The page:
Analyzing Gaps in Child Health in the U.K.: A "Weathering" Hypothesis Perspective
Alice Goisis, London School of Economics and Political Science (LSE)
It is well established that, across a range of countries, ethnic minority women are more likely to have poorer birth outcomes than white women. U.S. research has also demonstrated that the excess risk of poor birth outcomes for black women compared to white women tends to increase with the age of the mother. Researchers have suggested that this age pattern may be due to black women’s greater risk of exposure to cumulative health disadvantages, something referred to as the “weathering hypothesis”. In the U.K., an ethnically diverse country with high levels of inequality and residential segregation, the “weathering” perspective has not yet been adopted to analyse gaps in child health. In this paper, using data from the ONS Longitudinal Study(U.K.) and building on existing findings, we explore whether ethnic and social class gaps in child health increase with mother's age at birth as predicted by the “weathering“ hypothesis literature.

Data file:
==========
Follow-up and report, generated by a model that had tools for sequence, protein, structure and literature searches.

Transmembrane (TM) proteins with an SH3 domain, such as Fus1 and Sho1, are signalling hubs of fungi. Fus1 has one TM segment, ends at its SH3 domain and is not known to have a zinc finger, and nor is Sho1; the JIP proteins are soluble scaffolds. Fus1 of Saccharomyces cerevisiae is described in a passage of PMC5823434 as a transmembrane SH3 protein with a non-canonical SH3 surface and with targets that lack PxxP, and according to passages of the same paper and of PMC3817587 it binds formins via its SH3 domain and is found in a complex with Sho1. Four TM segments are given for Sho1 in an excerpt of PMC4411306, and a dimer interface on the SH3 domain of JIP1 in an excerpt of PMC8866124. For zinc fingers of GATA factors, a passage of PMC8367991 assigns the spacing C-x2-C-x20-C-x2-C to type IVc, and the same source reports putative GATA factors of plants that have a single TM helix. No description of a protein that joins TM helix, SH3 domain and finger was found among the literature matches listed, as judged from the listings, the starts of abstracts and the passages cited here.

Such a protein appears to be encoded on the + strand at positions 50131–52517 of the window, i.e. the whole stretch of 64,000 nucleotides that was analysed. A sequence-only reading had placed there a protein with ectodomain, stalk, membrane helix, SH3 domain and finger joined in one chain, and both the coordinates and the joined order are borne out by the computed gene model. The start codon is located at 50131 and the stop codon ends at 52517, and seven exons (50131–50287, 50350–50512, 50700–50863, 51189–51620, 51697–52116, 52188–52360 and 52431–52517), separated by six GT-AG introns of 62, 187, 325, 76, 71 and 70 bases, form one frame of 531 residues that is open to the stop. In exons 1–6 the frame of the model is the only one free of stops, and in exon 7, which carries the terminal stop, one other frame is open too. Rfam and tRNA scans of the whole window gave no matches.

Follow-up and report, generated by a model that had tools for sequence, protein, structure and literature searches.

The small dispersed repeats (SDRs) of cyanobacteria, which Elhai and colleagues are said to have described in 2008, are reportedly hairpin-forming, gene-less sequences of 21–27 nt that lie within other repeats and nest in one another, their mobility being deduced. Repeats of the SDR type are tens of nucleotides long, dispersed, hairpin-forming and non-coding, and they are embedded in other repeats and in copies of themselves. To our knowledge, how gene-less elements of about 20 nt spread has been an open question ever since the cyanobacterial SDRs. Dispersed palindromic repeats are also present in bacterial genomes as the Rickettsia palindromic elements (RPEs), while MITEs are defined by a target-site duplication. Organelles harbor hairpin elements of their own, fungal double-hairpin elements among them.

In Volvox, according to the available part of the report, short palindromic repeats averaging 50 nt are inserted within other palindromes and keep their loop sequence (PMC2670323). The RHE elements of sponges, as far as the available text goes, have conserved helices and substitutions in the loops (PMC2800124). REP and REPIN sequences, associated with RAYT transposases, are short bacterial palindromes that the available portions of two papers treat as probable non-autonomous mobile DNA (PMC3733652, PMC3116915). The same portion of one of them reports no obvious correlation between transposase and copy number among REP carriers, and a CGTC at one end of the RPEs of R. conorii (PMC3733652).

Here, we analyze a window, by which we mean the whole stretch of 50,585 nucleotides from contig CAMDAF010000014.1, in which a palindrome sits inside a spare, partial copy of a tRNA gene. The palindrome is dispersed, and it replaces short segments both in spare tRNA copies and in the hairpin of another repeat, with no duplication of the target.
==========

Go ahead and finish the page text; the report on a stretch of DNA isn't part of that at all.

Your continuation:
Presented in Poster Session 3